Last night, we saw Mahendra Singh Dhoni repeat the same old routine — with the match on the line, he unfurled the big shots in the last over to take India to a win that many might have considered improbable in the pre-Dhoni era of Indian cricket.
Going into the last over, India needed 15 runs off 6 balls courtesy Ishant Sharma who played out the second last over for a mere two runs. But he did what the captain wanted — stayed in the middle and took the match into the last over.
A widish full delivery outside the off-stump to start off the final over saw Dhoni swing away and not connect with the ball. But then the bowler made the mistake of getting just a little bit closer to the stumps.
And a little bit closer means straight in the Indian skipper’s hitting zone. The second ball was dispatched for six — straight over the bowler’s head. It was hit so powerfully that it hit the roof, and the bowler, the inexperienced Shaminda Eranga playing in just his 11th ODI, knew he was up against it. Being forced into a corner by one of the greatest finishers in ODI cricket can be nerve-wracking — you can respond with bravado or you can go blank.
Eranga went blank.
The plan against Dhoni can never be to bowl length deliveries — he is much too powerful for that. Off the third ball — a length delivery, Dhoni hit a four over point. He had scored 10 runs off three balls without breaking a sweat. But by this point, the bowler was far gone.
With India needing 5 to win off 3 balls, Eranga bowled another length delivery and then watched it disappear over extra cover. Dhoni had finished things with a six.
His team-mates rushed out to hug him and shout out their joy. But all Dhoni did was smile. He finished with 45 off 52 balls (16 off those runs coming off the last three balls he faced), India won the match and the tri-series with two balls to spare.
In the post-match conference, Rohit Sharma, who made a gritty 58, outlined the belief that the team has in their skipper.
“We have seen Dhoni doing it over and over again, so it was not so much of a surprise,” said Rohit.
The ‘not much of a surprise’ comment just showcases that if the match gets into the last over with Dhoni in the middle, a win is the norm for India. Indeed, at some level, his team-mates and even the opposition expect that.
The win also took Dhoni’s average in successful chases past 100 — the highest average in the world. In 72 successful chases by India, Dhoni has batted in 54 innings, been not out 33 times, scored 2102 runs with a high score of 183* — at as astounding average of 100.09. His strike-rate of 89.63 isn’t quite electrifying but it just shows that he knows exactly when to push the accelerator. (You can check out the table HERE)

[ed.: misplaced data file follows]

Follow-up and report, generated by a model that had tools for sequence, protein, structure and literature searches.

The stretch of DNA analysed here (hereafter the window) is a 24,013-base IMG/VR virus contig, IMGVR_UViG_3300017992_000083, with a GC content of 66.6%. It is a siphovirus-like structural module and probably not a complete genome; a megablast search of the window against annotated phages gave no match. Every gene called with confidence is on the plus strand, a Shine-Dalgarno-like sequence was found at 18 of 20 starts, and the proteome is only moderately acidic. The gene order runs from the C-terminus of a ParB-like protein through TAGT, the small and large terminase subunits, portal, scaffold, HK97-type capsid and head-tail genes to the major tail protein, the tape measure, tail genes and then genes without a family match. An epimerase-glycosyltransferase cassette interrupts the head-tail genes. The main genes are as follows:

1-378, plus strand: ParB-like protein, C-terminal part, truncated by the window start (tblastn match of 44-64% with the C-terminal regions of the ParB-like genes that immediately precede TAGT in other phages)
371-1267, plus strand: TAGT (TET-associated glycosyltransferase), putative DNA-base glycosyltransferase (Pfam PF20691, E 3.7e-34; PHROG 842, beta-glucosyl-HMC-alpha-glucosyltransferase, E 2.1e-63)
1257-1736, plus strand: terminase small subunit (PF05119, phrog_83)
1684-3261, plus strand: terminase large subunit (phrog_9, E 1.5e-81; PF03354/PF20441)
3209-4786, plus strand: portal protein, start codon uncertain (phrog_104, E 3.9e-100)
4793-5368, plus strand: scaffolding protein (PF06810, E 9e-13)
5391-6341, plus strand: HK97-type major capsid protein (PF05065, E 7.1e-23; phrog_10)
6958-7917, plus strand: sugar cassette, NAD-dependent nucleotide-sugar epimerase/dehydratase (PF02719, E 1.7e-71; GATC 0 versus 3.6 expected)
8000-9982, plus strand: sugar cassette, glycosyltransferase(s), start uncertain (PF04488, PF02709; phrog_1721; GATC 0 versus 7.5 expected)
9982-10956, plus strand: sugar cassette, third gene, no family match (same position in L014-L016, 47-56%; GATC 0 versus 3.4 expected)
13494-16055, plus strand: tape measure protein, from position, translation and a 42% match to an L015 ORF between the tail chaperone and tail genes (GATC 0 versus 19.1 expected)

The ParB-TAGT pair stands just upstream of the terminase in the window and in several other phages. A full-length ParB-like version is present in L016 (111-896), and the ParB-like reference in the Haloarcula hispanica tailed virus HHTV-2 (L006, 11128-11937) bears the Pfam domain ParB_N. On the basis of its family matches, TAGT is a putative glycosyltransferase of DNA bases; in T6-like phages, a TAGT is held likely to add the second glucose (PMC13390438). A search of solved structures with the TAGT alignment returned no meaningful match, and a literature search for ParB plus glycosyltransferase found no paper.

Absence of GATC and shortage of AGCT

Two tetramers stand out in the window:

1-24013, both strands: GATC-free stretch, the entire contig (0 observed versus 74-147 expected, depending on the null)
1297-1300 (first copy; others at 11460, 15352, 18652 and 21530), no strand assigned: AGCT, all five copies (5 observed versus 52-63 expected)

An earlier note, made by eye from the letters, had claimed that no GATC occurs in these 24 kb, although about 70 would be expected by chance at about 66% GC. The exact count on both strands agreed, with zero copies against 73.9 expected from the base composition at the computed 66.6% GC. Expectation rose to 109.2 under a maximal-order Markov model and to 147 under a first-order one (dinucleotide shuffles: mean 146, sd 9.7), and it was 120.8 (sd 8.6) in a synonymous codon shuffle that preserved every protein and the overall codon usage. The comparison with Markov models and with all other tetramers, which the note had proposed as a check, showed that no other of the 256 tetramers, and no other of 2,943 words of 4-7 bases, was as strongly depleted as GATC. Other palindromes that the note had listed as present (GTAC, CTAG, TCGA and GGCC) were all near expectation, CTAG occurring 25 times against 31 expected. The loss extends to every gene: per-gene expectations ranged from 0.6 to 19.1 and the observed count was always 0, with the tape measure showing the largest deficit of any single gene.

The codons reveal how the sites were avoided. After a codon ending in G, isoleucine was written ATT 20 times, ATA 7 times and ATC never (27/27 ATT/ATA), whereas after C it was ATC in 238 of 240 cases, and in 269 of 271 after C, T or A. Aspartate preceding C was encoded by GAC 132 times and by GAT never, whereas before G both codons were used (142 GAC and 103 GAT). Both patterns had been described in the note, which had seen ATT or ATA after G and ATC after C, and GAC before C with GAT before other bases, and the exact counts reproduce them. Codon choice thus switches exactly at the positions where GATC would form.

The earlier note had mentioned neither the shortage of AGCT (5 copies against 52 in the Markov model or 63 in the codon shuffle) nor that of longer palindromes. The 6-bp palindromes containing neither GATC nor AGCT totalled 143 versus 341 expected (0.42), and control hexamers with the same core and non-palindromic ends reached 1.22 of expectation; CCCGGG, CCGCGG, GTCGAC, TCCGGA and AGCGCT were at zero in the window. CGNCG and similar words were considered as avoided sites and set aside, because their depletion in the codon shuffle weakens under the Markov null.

For the purposes of the above statistics, we are looking only at matches played against Australia, Bangladesh, England, New Zealand, Pakistan, South Africa, Sri Lanka, West Indies and Zimbabwe. In other words, the top teams.
There are others who have scored more runs in successful chases — Brian Lara, for instance, scored 3498 runs at an average of 68.58. Tendulkar, who doesn’t play ODIs any more, has 5490 runs at an average of 55.45. But Dhoni often comes in with the match on the line and for him to average 100 in that situation is almost Bradmanesque.
The unflappable temperament comes to the fore yet again. Dhoni shrugged it off with the comment: “I think I am blessed with a bit of good cricketing sense.”
There are others like Russel Arnold — 38 mts, 18 inngs, 546 runs, avg of 91 — who get close in terms of average. But they haven’t quite done it for the same quantum of time as Dhoni. Michael Bevan, regarded by many as one of the great finishers, averaged 86.25 in successful chases over 75 matches.
The Aussie was once asked about his ‘finishing’ philosophy and his answer made things look startlingly simple.
“I felt it was my job as a No 6 batsman to be there at the end when we were either chasing runs or setting totals,” said Bevan in an interview to ESPNCricinfo. “Quite often when you go in and your side is in trouble, the last thing on your mind is winning. You try to survive, hang around and keep an eye on the run-rate so that it’s still manageable. In one-day cricket the pressure comes from the run-rate and the scoreboard and they’re the factors that you need to cope with.”
Dhoni’s thoughts on the matter mirror Bevan’s and at some level, you can’t help but wonder why more batsmen can’t do this. However, by the time, Dhoni is done with his career — he might have reduced the imperfect science of chasing to something that even normal batsmen won’t have any trouble doing.
Then, the ICC will have to find a way to even the odds.